1. Neither of you have any scientific evidence in support of this. And you have a rather ignorant point of view about genetic engineering.

    2. Neither do you, Michael. And where is the talk about monopolies in this whole article and these discussions? Or are you going to try to convince us that monopoliesare good for our pocket as well? As you said in another comment: "The reason we shouldn't label foods with nonsense claims, like whether they are GMO or not, is because it will skyrocket the cost of food."

    3. I talk about science.

      And yes, the cost of labeling food will cause it's price to skyrocket, given that every food company will have to verify its supply chain one way or another, source non-GMO foods, which aren't very prevalent, and put up with the thousands of lawsuits from dumb Americans for feeding kids GMO's or not.

      All this cost for zero benefit. Until you can show us, with peer-reviewed research published in high impact-factor journals, that there is some danger from GMO's, then you're asking for labeling out of arrogance, elitism, or getting paid off by Big Organic to push overpriced, no health benefit foods.

      And guess who gets hurt. The poor, who you elitists seem to hate with the passion of any typical right winger.

  15. Thing is, human digestive systems have adapted rather slowly to our changing diet. Sure, everything in "nature" can be changed by humans. The question is not whether nature can be altered, but whether our digestive and immune systems can adapt.

  16. I'm weary of Monsanto, but that's a different story. If we want to live how 'nature intended' many women would die at childbirth and most of us would never make it past 40.

  17. The primary aargument, I would think, is that GMO's are economically unjustifiable and consolidate economic and political power with those that distribute and manufacture the seed and those who loan to the farmers who buy the seed. Is that reasonable? I think so.

  18. The primary aargument, I would think, is that GMO's are economically unjustifiable and consolidate economic and political power with those that distribute and manufacture the seed and those who loan to the farmers who buy the seed. Is that reasonable? I think so.

    1. Also, your claim that because they are "sold widely", and that this means they are "clearly" superior, is specious. There is evidence that these products do not perform as well as they are pitched; in some environments they have failed catastrophically, producing no harvests for several seasons. This might be fine for a large farming company that can run at a loss for a year or two, but for small farmers and their local creditors? No way. But hey, if you want to argue that the economic destruction of smaller independent farmers is a point in favor of GMO's in ag, be my guest.

    2. Farmers are a canny lot. They know when something works. GMO seeds are not new. There is more than enough data for farmers to decide what works and what does not. Farmers have overwhelmingly chosen GMO's because they have seen the superior results. Show me citations that show the specific crop failures you are talking about. Where and when. Show me that it was the seeds and not the environment. In other words that other non GMO hybrid seeds would not have failed also. Show me that the farmers didn't choose the wrong seeds for their area. That would be their fault not the seeds. This has been happening long before GMO's came on the market and the same arguments were made about hybrid seeds.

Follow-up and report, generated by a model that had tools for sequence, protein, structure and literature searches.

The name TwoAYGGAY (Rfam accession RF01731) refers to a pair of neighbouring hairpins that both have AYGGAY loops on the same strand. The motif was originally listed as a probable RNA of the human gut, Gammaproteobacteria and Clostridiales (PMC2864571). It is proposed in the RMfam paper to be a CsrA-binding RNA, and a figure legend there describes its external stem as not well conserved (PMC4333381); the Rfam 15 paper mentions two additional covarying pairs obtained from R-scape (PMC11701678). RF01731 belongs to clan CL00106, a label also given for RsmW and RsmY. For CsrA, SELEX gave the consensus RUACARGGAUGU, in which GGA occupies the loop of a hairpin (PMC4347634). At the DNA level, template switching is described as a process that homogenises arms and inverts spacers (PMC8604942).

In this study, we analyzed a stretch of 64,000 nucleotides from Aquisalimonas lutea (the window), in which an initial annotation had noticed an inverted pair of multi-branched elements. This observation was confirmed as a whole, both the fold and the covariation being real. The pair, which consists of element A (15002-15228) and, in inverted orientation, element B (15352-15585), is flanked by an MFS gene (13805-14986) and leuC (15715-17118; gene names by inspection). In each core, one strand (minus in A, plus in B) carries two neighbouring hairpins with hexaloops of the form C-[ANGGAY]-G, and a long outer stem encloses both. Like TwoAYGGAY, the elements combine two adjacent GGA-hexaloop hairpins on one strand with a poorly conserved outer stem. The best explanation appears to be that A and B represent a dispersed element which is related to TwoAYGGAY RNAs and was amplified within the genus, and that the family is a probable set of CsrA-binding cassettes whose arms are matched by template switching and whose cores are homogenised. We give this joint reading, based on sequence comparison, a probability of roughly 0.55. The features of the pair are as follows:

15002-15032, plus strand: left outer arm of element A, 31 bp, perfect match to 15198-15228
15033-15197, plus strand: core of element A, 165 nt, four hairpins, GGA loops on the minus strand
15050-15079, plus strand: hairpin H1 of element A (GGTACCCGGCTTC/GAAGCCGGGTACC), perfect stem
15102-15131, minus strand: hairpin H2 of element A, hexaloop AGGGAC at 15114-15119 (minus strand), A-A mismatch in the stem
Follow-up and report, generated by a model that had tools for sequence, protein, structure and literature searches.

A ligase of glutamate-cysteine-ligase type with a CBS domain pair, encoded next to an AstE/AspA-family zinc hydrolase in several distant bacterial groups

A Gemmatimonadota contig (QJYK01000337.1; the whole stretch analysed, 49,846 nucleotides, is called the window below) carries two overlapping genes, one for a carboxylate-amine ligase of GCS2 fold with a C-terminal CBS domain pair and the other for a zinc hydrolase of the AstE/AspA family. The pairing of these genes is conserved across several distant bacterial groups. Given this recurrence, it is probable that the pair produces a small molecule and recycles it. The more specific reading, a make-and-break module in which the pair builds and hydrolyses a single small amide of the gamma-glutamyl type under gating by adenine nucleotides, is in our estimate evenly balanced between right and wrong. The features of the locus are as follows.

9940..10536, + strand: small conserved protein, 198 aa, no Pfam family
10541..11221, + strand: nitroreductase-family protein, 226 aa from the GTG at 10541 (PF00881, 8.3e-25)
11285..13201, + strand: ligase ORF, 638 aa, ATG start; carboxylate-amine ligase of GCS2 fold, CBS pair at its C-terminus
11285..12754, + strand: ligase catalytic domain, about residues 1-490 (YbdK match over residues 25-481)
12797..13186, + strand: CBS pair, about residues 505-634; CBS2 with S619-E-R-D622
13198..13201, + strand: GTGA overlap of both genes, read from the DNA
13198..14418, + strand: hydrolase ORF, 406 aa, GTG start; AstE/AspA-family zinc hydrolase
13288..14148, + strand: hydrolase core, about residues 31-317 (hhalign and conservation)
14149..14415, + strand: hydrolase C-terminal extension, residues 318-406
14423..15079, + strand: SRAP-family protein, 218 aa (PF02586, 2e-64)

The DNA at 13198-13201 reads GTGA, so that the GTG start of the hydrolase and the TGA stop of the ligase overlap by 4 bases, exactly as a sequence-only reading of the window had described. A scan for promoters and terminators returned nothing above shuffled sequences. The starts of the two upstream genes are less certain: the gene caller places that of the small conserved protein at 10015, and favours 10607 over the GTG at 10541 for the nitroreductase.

19. "Agriculture is not about biodiversity, it’s about maximizing the amount of food calories produced per acre."

    By this simple sentence the author, whose name appears nowhere that I could find on his page, betrays a dangerously flawed understanding of nutrition and negates any merit within the bulk of this article.

    1. Thanks Nancy… The grade school facile understanding of nutrition revealed by the author and the other two comments accents the tragedy of the modern food industry dominance of our diets. People are starving around the world because of politics and despotism, not because of a lack of "calories." And since, on a global scale, fully 50% (yes, that is one half) of all food produced is wasted or lost, we are far from a "shortage" of food. "Calories" are the least important part of the diet. The most important part of our nutritional intake are what were once called intrinsic (meaning unknown) nutrients and are now called vital (understudied and under promoted) nutrients. And for decades studies have revealed that increasing the amount of calories and speed to ripeness does not proportionally increase the amount of vital nutrients in any plant. Just like big Pharma, big Food is designed to maximize the profit and control of the food industry, not to provide a better diet for the individual.

    2. Ted Viens Glad someone is setting the record straight. I cannot believe how people are just eating this up (no pun intended). It's almost religious in nature, this uncritical acceptance of this grandiose reasoning.

    3. Kelly, notice how people come here, troll with their "opinions", but rarely bring peer-reviewed citations to the conversation? If I were like the anti-science types, I'd delete these comments. But it's good for their foolish beliefs to stand out against the science.